He wasn't alone. The big-box retailer has shed itself of front-door greeters nationwide, ending a 30-year tradition. In Smail's case, the retail juggernaut's bold cost-cutting move saved it about $400 a month and cost Smail a job he'd held with pride for six years.
"I loved that job and I did a good job for them," laments Smail. "All the other associates liked me and I liked them." That was evident at Richie's farewell party, where many workers wept.
But Smail, who has lived in Park City with his family for 20 years, isn't looking back. "When one door closes, another opens," he reflects. The venerable old adage couldn't be more appropriate. Indeed, the next chapter in Smail's life promises to be the most exciting and challenging yet.
Born in 1984, Smail moved with his family to Park City from Chicago at age three. Blind from birth and partially paralyzed, he attended the Utah School for the Deaf and Blind in Salt Lake City and took classes at Evergreen Junior High and Skyline High.
Outgoing and fun-loving by nature, Smail has always been ready for a new adventure. Growing up, with a little help from his friends and family, he never allowed his disabilities to slow him down. He remembers summer visits to the family's cottage on Lake Chautauqua in New York, where he learned to sail and water ski with encouragement from his parents Mary Ann and Rick and older brothers Bryan and Zach. He is an accomplished horseman and enjoys riding Sage, his longtime favorite horse, in competitions at the National Ability Center Equestrian Park.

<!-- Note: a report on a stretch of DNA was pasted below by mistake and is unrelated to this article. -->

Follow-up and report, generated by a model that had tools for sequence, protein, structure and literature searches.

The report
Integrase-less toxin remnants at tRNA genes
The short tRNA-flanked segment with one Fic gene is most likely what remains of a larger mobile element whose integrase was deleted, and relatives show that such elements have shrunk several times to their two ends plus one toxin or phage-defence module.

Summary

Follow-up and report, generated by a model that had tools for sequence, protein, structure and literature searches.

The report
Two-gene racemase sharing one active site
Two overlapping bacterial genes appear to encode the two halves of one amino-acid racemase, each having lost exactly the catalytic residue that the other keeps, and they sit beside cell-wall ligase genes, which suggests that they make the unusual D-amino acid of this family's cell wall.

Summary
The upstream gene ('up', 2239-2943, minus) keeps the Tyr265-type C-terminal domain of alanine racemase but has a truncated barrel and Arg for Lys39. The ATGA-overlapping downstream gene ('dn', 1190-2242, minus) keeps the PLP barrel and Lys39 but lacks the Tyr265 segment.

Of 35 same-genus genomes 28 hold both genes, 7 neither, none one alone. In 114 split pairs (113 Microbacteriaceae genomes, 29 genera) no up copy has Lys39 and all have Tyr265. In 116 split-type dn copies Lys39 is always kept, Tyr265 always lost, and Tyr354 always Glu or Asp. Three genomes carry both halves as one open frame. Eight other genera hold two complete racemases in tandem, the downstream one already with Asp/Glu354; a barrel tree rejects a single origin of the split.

Smail learned to snow ski at the Park City Mountain Resort in the early 1990s and once spent a day skiing with Val Kilmer as the actor prepared for his role as a blind masseur in the film, "At First Sight." Last year he raced in the Summit Challenge on a tandem bicycle.
Smail also has a fine singing voice and a natural ear for music. At church, his annual Christmas rendition of "O Holy Night" draws standing ovations. He has also been honored to sing the national anthem at National Ability Center events.
He uses computer software called "Jaws," which converts text to voice, and has become proficient at surfing the Web.
After receiving his certificate of completion from the Utah School for the Deaf and Blind, Smail ventured into the workplace. "I believe in work and I like to stay busy," he says simply. Prior to Walmart, Smail worked in Salt Lake City for the Utah State Library for the Blind, as well as for Big Lots, Bonneville International and the Columbus Center.
Smail's plan has always been to continue his education at a nationally-ranked school for adults with disabilities, and he has researched several schools across the country over the last few years. But his succession of jobs became a real distraction. He especially liked his job a Walmart and wasn't planning on quitting any time soon. When the ax fell unexpectedly, Smail and his parents realized that the time had come for him to move on.
Last month, Smail packed his bags and boarded a plane bound for Louisville, Kentucky, and the nearby Stewart Home School. He'll be the first totally blind student accepted at the prestigious school. "I've loved growing up and living in Park City, but I'm really excited about this new chapter in my life. It was time," says Smail. He says his dorm room is great and is really impressed by the school's equestrian center. "There's no dust," he grins.
Smail will be living and studying at his new school for the next few years, but he'll be coming home often to visit family and friends, including his former co-workers at Walmart. He says he harbors no ill-will towards the corporation.
"If I talk to my old boss who laid me off, I'll just tell him thanks!"
Steve Phillips is a Park City-based writer and actor. Send your profile comments and suggestions to him at firstname.lastname@example.org.
Favorite things to do: ride horses, ski, bicycle, bowl and surf the Net.
Favorite food: pizza is at the top of the list.
Favorite music: all kinds of music, especially classic rock and a little country. "Do not play 'Name that Tune' with him. You will lose," says his mom.